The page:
A JUDGE urged two thieves to 'grow up' after they stole motorbikes and recklessly rode around roads and footpaths.

Dion Lewis, 19, and Keane Neal, 20, were sentenced at Oxford Crown Court yesterday for stealing two motorcycles from Whitelock Road in Abingdon.

They set out to steal the bikes on the night of March 29, the court heard, later abandoning a damaged Keeway model before taking a Honda for a high-speed spin.

Judge Peter Ross said: "The Honda was ridden in a highly dangerous chase lasting over an hour.

"Riding in that way represented a considerable risk to members of the public.

"Mercifully the roads were quiet, and the footpaths unoccupied.

"You couldn't have been confident that no pedestrians would be coming along the footpath, and you didn't care.

"Had there been a member of public walking along, and you struck them at the speed you were doing, you would each be looking at a sentence today of around eight to 10 years."

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He said they were 'both in it together' despite Lewis being found with the stolen vehicle.

Judge Ross told the pair: "You are both young and it's a tragedy to see the way the two of you are throwing your lives away.

"It's time you both grow up - if you want to choose to live a life that is lawless and uncaring about the consequences, one day those consequences will strike you both, in the form of an extremely long sentence.

"You have the opportunity to turn away from crime."

The judge said Lewis, of Landseer Walk in Abingdon, had a 'bad record' including vehicle-related offences and dishonesty offences.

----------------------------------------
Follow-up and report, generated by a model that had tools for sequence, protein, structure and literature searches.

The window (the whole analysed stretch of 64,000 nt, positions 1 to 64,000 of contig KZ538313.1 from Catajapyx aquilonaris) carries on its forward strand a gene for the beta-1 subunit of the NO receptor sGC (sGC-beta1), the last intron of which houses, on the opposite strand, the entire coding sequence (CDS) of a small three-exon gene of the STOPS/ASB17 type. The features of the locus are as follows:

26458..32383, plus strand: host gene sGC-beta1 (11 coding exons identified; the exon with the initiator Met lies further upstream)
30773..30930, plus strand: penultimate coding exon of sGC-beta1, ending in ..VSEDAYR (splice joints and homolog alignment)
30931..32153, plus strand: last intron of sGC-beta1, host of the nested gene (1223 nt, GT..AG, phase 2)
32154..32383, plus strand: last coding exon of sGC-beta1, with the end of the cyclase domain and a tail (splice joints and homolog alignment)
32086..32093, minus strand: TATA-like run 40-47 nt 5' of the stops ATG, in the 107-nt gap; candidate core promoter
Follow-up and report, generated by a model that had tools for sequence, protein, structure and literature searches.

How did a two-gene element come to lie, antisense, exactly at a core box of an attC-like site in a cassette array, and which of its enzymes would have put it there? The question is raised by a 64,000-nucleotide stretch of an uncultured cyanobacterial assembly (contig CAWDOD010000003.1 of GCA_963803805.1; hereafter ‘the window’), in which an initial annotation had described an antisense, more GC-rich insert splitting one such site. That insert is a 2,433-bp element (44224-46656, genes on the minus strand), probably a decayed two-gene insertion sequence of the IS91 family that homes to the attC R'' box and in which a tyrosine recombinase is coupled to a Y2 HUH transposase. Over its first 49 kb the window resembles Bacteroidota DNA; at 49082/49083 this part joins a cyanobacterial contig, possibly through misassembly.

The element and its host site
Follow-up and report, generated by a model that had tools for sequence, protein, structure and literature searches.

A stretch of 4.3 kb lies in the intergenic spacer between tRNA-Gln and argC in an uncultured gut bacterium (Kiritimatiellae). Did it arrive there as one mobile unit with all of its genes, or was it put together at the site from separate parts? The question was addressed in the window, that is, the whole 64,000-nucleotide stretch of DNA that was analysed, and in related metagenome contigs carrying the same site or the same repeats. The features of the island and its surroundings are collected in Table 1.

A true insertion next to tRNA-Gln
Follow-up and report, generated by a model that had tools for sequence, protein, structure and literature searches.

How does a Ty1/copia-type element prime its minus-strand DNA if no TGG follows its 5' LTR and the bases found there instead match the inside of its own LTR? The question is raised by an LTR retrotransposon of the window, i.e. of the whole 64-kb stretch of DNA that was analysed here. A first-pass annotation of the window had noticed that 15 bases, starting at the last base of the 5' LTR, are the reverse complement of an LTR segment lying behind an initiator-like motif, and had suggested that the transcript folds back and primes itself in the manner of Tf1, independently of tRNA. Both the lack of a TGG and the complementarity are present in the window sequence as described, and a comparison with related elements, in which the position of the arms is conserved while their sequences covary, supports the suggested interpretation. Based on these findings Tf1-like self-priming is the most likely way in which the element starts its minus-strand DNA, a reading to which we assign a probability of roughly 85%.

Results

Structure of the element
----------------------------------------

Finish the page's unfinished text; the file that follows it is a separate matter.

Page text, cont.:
He was sentenced to a total of 19 months in prison for two counts of aggravated vehicle taking and one count of going equipped for theft.

The judge told him: "The sentence is designed to punish you but not to crush out your hope for the future.

"I hope you come out [of prison] with qualifications."

Neal, of Grebe Close in Abingdon, told his defence barrister that he would prefer an immediate prison sentence rather than a suspended sentence, if the latter meant he would be made to meet court-imposed requirements.

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Judge Ross said this was a 'ridiculous' attitude, and told Neal: "It's an indication of your carelessness towards life that you were prepared to simply discard the possibility of rehabilitation and punishment within the community."

He instead handed down a sentence of 16 months, suspended for a period of two years, for two counts of aggravated vehicle taking.

Judge Ross noted that Neal had a cleaner criminal record than his co-defendant.

He will also have to complete 30 days of rehabilitation, 100 hours of unpaid work, and restorative justice, and will have to see the court for monthly reviews.

Both he and Lewis were banned from driving for two years.

The court did not hear exactly how the pair stole the vehicles.